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Hopes High for British Gov    05/11 07:02

   

   LONDON (AP) -- The U.K. government sought to capitalize on its electoral 
strength Tuesday, outlining a sweeping legislative agenda to bolster the 
economy after the COVID-19 pandemic, defuse tensions that threaten the 
country's unity and combat social issues ranging from housing to care for older 
adults.

   The package of 29 bills was unveiled by Queen Elizabeth II in the annual 
Queen's Speech, in which the monarch reads out the government's legislative 
priorities at the ceremonial start of the new parliamentary session.

   "My government's priority is to deliver a national recovery from the 
pandemic that makes the United Kingdom stronger, healthier and more prosperous 
than before," the queen said in the House of Lords. "To achieve this, my 
government will level up opportunities across all parts of the United Kingdom, 
supporting jobs, businesses and economic growth and addressing the impact of 
the pandemic on public services."

   Prime Minister Boris Johnson and his Cabinet put together the list of 
proposals after a year of lockdowns and COVID-19 restrictions triggered the 
U.K.'s deepest economic slump in three centuries. The government is also facing 
renewed calls for Scottish independence and unrest in Northern Ireland fueled 
by Britain's departure from the European Union.

   Johnson will pursue the agenda from a position of strength, with his 
Conservative Party holding 365 of the 650 seats in the House of Commons. That 
electoral power was underscored last week when the Conservatives dominated 
local elections in England.

   Ahead of the speech, Johnson announced plans to give all adults access to 
four years of university or job training throughout their lifetimes as part of 
an effort to ensure workers have the skills employers need in a changing 
economy. The government also plans to revamp planning laws to speed up 
construction of new homes.

   "These new laws are the rocket fuel that we need to level up this country 
and ensure equal opportunities for all," Johnson said in a statement released 
ahead of the speech. "We know that having the right skills and training is the 
route to better, well-paid jobs."

   The opposition Labour Party said the government must also come up with a 
plan to create jobs if the training program is to have any meaning. Labour has 
previously criticized the government for boosting job creation figures with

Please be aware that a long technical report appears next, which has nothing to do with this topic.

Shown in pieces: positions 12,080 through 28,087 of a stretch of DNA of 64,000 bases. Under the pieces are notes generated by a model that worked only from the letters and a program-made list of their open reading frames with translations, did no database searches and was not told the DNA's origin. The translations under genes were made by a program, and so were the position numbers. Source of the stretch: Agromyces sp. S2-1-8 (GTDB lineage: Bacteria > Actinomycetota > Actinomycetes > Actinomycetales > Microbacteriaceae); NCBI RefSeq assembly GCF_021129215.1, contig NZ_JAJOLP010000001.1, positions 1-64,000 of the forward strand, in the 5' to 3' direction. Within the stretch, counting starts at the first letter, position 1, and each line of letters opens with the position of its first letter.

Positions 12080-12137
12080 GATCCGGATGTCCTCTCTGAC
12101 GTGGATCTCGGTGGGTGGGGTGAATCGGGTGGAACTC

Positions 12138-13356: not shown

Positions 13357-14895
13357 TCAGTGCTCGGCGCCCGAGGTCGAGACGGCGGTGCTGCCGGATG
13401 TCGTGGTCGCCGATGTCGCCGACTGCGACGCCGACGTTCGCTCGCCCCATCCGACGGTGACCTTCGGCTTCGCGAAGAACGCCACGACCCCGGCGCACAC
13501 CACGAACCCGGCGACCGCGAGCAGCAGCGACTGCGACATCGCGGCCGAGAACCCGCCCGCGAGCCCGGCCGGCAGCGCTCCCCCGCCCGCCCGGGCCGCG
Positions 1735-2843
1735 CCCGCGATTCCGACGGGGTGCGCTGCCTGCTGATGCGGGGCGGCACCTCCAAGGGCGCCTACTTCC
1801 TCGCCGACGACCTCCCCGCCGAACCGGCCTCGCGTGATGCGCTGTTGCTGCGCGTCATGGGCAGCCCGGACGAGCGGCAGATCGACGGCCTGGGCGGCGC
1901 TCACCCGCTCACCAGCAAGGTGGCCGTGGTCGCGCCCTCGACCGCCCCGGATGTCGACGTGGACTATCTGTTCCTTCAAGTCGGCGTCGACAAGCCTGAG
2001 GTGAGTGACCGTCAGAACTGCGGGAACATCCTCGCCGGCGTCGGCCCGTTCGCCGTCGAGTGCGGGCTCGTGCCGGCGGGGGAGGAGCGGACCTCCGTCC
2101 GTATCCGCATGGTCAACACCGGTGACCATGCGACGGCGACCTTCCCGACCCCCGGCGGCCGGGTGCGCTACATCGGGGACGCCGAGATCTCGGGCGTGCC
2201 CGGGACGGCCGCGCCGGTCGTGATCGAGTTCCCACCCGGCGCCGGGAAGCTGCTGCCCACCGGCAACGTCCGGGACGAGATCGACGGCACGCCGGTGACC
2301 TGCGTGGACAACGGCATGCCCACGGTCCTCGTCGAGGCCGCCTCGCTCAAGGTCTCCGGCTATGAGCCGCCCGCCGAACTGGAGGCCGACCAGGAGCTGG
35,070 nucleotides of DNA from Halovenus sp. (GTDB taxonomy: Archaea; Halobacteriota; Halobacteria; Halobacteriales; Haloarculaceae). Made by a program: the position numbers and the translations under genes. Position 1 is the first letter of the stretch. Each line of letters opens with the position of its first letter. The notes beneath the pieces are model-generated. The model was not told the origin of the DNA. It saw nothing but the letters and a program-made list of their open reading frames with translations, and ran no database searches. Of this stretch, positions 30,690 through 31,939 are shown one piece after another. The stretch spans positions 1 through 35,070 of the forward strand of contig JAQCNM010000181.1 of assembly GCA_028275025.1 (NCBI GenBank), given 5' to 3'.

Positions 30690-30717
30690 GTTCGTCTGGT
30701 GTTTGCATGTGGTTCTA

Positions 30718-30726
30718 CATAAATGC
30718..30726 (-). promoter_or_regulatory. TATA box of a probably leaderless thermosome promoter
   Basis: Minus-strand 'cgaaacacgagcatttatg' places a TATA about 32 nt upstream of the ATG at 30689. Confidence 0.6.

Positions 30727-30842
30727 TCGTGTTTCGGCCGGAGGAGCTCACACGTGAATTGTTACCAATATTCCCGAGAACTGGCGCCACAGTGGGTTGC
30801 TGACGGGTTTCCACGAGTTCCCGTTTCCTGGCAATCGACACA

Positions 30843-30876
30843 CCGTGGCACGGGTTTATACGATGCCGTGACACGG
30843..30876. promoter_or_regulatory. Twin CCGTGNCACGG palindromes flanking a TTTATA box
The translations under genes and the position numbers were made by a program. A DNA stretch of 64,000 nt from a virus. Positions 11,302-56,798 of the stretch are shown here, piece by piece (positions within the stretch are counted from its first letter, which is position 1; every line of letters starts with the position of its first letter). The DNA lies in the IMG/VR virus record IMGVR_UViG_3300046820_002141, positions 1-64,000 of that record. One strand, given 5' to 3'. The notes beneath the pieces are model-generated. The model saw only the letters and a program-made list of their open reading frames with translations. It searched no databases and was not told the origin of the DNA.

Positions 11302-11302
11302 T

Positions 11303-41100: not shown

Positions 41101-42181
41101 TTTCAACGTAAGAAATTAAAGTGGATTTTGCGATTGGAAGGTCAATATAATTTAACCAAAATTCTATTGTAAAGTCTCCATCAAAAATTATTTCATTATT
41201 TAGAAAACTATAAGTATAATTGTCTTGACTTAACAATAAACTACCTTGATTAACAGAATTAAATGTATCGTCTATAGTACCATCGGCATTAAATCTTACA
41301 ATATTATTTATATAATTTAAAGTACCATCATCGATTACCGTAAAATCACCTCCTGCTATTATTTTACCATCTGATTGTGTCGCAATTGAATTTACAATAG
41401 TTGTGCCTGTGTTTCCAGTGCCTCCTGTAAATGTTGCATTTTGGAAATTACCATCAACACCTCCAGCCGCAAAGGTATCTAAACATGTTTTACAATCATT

part-time and low paying jobs.

   "It's great to hear that they want people to be able to retrain, but where 
are the jobs that people need, the good-quality jobs, not just the jobs, but 
the good-quality jobs that allow people to earn decent money to look after 
their families?" Lisa Nandy, Labour's spokeswoman on foreign affairs, told the 
BBC.

   The legislative program also includes plans for a summit meeting between 
leaders of the U.K. government and the devolved administrations of Northern 
Ireland, Scotland and Wales to discuss issues caused by the pandemic. The 
government also said it would invest in transport links between the U.K.'s four 
nations and reiterated a commitment that all parts of the country would benefit 
from a 4.8 billion pound fund to improve town centers and local transport 
projects.

   In addition, the government plans to require voters to show a photo ID 
before they cast their ballots, ban so-called gay-conversion therapy, restrict 
the prosecution of soldiers who served in Northern Ireland and overhaul nursing 
home care.

   One of the most controversial elements of the government's program is a 
crime bill that stalled in the last parliament amid concern that it gave police 
too much power to restrict public protests.

   Police were criticized for being too lenient after environmental protesters 
shut down central London last year and for being too heavy handed in March when 
they broke up a vigil for a young woman who was murdered after being kidnapped 
in the capital.

   The government also promised to bring forward proposals to reform the social 
care system, which provides in-home and nursing home services for older people. 
That fell short of demands from advocates for concrete proposals to resolve the 
long-running problem.

   The issue has vexed government for more than a decade as rising costs 
squeeze local governments, which are required to provide care for those who 
can't afford it, and leave wealthier families in fear of losing their homes as 
they struggle to pay for the care of aging relatives.

 
 
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